One of the best ways to get to know the landscape and people is via a boat trip on a river. From the water, you can observe life on and along the water at its best. It is even more special if you can take such a trip in a real pirogue. This narrow boat, known to us as a pirogue, is a hollowed-out tree trunk. A pirogue trip on the Matsiatra River near Fianarantsoa is also the perfect opportunity to learn about Betsileo culture.
A bumpy bus ride
Before we can start the pirogue tour at Fianarantsoa, we have to ride the bus for a little over 20 kilometres. The first stretch goes through the city, but soon we turn onto a very bumpy road. We end up shaking in the bus for about 2 hours. The speed is no more than walking pace on some stretches. Fortunately, the views of the surroundings compensate a lot. We see many locals taking the same bad road to or from the city with all kinds of means of transport. We also enjoy the many rice fields in this area. Fortunately, we regularly get the chance to make a photo stop.
A delicious lunch under the trees
After this special ride, we are allowed to exit the bus in a small village. The Betsileo people are already kindly waiting for us. It remains striking how friendly the people of Madagascar are no matter where you are. They wave to us exuberantly and are happy to pose for a photo. We walk a short distance through a village with a small school. Unfortunately, today is Saturday, so the school is closed. It would be a unique opportunity to get a quick glimpse of school life in this region.
Under the benevolent shade of the trees, we see the Soavadia Tours organisation grilling zebu meat on the barbecue. The delicious smells are already approaching us. We are offered soft drinks and some local snacks, which taste delicious. After a while, the cook finishes roasting all the meat. She serves us a meal of rice, meat and salad. It is a delicious picnic. We are closely watched by the local youth, who don’t want to miss anything from the event a little further on. With a well-filled stomach, we can start our pirogue trip down the Matsiatra River at Fiananarantsoa.
And then: the pirogue trip at Fianarantsoa
We walk a little further to the river. There, some 12 pirogues lie on the waterfront. To give the spoilt Western tourists some relief, the boatmen have put a load of hay in each pirogue. This way, we can save our butts a bit, as the seats are quite hard. A maximum of two people is allowed to board the rickety pirogue. Fortunately, everyone fits in and also gets into the seemingly rickety little boat without a scratch. You can hardly imagine fishermen daring to go to sea with such pirogues!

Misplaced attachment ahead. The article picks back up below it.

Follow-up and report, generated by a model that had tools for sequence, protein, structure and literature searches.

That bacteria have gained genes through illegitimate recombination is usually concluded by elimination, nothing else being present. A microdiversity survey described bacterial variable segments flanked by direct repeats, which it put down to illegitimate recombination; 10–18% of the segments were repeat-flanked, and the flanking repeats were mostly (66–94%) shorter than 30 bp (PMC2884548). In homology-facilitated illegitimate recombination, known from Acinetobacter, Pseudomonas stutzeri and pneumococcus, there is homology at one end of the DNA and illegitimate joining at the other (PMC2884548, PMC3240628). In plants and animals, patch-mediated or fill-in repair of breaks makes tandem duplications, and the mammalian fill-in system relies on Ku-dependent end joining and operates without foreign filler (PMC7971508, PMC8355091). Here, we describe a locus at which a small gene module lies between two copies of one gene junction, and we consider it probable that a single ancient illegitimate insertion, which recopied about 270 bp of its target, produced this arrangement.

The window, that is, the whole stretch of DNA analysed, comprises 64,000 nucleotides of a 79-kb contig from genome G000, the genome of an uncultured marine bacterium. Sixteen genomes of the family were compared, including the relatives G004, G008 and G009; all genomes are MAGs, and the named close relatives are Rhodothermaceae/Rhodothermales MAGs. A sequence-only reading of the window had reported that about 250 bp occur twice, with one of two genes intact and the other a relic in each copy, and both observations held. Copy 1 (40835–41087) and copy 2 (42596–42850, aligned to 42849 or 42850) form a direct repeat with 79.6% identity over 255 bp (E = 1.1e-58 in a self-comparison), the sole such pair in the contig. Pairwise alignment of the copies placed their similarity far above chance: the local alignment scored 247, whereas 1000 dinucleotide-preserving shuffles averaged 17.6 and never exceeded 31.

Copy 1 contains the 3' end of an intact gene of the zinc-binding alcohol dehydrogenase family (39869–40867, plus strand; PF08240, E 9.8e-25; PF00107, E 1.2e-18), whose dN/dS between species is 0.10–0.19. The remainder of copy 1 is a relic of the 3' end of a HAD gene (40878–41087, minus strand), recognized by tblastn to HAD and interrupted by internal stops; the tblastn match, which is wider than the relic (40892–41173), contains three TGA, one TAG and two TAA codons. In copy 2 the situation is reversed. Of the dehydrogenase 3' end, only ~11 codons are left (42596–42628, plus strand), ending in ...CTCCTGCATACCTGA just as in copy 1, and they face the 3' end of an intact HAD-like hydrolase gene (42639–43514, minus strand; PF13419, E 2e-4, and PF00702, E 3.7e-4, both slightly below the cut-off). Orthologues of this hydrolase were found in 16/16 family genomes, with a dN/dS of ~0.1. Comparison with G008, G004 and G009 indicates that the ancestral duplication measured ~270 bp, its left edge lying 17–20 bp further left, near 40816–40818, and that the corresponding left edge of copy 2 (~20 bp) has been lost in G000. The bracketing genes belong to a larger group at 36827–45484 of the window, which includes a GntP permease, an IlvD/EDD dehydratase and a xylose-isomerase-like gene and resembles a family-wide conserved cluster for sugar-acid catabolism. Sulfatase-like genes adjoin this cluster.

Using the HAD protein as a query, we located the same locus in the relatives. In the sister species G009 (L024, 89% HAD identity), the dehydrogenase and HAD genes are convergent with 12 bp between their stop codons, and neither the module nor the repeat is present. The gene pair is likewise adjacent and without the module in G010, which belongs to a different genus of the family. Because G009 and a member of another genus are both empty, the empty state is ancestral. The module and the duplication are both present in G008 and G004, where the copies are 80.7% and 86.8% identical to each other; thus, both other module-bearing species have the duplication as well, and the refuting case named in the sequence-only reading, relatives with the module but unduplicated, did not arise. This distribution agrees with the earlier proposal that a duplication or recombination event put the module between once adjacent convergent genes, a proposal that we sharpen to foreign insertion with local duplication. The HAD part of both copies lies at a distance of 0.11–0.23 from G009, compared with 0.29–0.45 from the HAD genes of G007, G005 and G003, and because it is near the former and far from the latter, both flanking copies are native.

The boatmen can make good speed with their oars. We see a magnificent landscape passing by. We also see many children enthusiastically running with us along the waterfront. But above all, it is beautiful to see how fishermen, both men and women, are busy securing their catches. They are busy with large baskets. They are waist-deep in water and busy. As we sail by, they pause their hard work for a moment to wave enthusiastically.
When we are underway for a while, one of the boatmen starts singing local songs. The others then join in. It is an impressive sound. With full devotion, they sing their hearts out. The sound echoes against the mountain sides along the river. A very special experience that gives us chills down our spine.
Hiking back through small villages
After about two hours, this beautiful pirogue trip along the Matsiatra River ends at Fianarantsoa. We step out of the hollow logs again and walk through some small villages. Children walk with us and ask for a gift, a pen or soap. We see another traditional Betsileo house and can hardly imagine an entire family living in a small house. The ground floor is storage and space for the animals. On the small first floor, people live, cook, eat and sleep. How spoilt we are with our luxuries. But when you see the happiness of these people, you realise how they can still be content with very little.
We board the bus again and let all the unforgettable impressions sink in. It was a unique pirogue trip at Fianarantsoa, where we could enjoy beautiful scenery and a particularly friendly population! Fortunately, the drive to our hotel is a lot more comfortable and less long. We slowly watched dusk fall over the valley and the city. What an amazing experience!
Piroguette tour at Fianarantsoa: practical information
- Tour operator Soavadia Tours runs such pirogue tours at Fianarantsoa. This organisation only has a severely outdated Facebook page. Better to contact Soavadia Tours by phone to make arrangements. The phone number is 0261 34 020 64 95.
- If you make this trek in their winter (July/August), it’s useful to bring some warm clothes (long-sleeved jumper, long trousers). When the sun disappears behind the mountains and there is a strong wind, it gets chilly in the pirogue.
- Fianarantsoa is on RN 7, the main road from the capital Antananarivo to the coastal town of Tulear in the southwest.
- In Fianarantsoa there is ample accommodation.
- If you don’t want to eat at your hotel, restaurant La Rizière is an excellent choice. This hotel specialty restaurant has an extensive menu. The students’ service is perfect and the view of the city is very nice.